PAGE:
Broken piece from the top-back portion of an old dresser

As you can see in the photo above, it was a fairly substantial size and it was definitely ORANGE. As in that 1970’s orange wood stain color. Not my favorite colored wood tone. Still, I am not in the habit of throwing away a perfectly good piece of wood that is 150 years old and as a result it sat in my basement for a number of months.

As I prepared for spring, I realized that I didn’t have any place to hang my small gardening tools such as my garden spade, gardening snips, twine etc. So, I used this piece of wood to make a garden tool wall rack.

It’s important to note, that you can use any piece of scrap wood for this project. You can even use a new piece of plywood. The wood just has to be long enough and wide enough to accommodate some hooks.

I decided to paint this piece of wood using MMS Milk Paint because the existing orange stain just isn’t my taste. So, let’s jump in and I will show you how to create your own DIY Garden Tool Wall Rack.


Below are the supplies you need for this project. Most of these items can be found at your local hardware store. Although I used milk paint for this project – you can use any type of paint you desire. Where possible, I have provided links to online sources.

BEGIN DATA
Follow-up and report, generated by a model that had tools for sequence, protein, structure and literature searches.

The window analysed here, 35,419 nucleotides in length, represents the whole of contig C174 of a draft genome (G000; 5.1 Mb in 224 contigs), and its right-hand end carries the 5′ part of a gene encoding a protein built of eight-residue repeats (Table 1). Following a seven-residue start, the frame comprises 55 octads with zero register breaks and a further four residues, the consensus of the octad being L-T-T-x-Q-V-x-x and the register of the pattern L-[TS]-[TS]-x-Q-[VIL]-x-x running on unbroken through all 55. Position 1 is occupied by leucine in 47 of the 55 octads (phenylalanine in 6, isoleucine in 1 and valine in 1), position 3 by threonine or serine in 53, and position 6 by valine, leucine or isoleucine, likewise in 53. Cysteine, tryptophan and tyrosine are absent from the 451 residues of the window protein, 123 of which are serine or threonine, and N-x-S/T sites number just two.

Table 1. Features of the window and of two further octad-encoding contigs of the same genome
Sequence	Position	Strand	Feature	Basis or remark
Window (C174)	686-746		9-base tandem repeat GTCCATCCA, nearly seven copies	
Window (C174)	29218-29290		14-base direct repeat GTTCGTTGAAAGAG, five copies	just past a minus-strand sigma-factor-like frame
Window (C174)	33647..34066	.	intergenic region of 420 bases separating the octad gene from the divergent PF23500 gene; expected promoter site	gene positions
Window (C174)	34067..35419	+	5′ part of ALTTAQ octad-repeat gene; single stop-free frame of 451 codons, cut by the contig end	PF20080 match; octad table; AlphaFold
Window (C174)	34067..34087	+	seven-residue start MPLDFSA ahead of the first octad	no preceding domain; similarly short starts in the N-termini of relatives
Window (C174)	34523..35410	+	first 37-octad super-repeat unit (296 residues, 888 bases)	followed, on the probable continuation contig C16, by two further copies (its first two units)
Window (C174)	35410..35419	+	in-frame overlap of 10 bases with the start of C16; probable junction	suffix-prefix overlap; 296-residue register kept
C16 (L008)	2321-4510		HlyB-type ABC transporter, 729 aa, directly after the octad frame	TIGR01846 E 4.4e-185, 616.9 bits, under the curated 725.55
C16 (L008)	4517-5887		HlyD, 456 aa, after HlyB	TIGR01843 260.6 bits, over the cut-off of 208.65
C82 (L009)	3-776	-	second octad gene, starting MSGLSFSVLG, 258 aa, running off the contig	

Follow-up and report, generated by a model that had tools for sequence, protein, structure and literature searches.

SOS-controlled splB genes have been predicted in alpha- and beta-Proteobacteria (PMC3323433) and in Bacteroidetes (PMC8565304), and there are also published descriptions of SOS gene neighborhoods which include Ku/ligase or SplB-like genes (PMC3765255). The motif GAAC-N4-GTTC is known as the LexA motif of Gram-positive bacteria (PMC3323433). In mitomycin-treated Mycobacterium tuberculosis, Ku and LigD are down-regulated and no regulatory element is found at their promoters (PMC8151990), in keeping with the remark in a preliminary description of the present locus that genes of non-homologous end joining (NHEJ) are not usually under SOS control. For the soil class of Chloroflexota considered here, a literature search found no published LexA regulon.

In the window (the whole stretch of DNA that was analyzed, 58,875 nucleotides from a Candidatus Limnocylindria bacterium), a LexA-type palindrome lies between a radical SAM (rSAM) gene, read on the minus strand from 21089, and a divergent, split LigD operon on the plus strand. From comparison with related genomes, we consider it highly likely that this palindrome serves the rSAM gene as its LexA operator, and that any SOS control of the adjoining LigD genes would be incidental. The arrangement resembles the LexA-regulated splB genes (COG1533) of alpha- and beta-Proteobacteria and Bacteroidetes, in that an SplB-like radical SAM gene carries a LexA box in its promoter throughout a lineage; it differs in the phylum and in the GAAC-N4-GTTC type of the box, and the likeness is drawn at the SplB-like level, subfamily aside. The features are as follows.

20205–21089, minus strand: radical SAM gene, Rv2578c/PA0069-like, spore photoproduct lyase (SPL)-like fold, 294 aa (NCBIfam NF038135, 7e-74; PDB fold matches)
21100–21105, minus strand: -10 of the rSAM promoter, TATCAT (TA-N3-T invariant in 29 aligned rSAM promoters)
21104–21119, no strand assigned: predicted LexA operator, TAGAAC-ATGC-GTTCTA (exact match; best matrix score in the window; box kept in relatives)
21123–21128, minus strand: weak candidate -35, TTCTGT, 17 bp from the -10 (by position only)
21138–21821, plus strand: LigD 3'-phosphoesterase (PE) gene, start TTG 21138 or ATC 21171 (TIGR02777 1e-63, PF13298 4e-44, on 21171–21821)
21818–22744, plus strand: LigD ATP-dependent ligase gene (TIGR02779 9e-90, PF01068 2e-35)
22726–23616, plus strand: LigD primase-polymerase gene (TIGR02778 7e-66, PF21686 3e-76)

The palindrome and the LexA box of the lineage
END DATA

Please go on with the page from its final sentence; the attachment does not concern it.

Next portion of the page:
• Long piece of scrap wood
  • hooks you can mount on the scrap wood -this set includes screws
  • 150 grit sandpaper and random orbital sander
  • 220 grit sandpaper – for sanding by hand
  • Paint – I used MMS milk paint
  • Paint brush
  • Wax to seal the milk paint
  • Hair dryer
  • Putty knife or scraper
  • Screws (if the package of hooks doesn’t come with screws)
  • Cordless drill and drill bits
  • Lint free rag

Step 1: Prep the Wood

Milk paint is unique compared to other paints because it gives wood character and texture.

For this project, I wanted the piece of wood to look like architectural salvage. With layers of chipping and crackled paint. I did not want a smooth uniform finish. Only milk paint would give me the type of finish that I wanted.

Having said that, you can use any type of paint you want for this project. Latex, chalk or oil based paints would work too. They just won’t give your wood a chippy and crackled look.

Use your 150 grit sand paper and a random orbital sander to sand the existing wood surface. The goal is to scuff the surface well enough for the paint to adhere to the wood. The scrap wood I used looked like it had been sealed with an oil based polyurethane. In order for the milk paint to adhere to the sealed wood- it had to be lightly sanded. I decided to sand both sides of the piece of wood.

After sanding the wood, I wiped it down with a damp lint free cloth and some Mr. Clean. Now we are ready for step 2.

Step 2: Apply the First Coat of Paint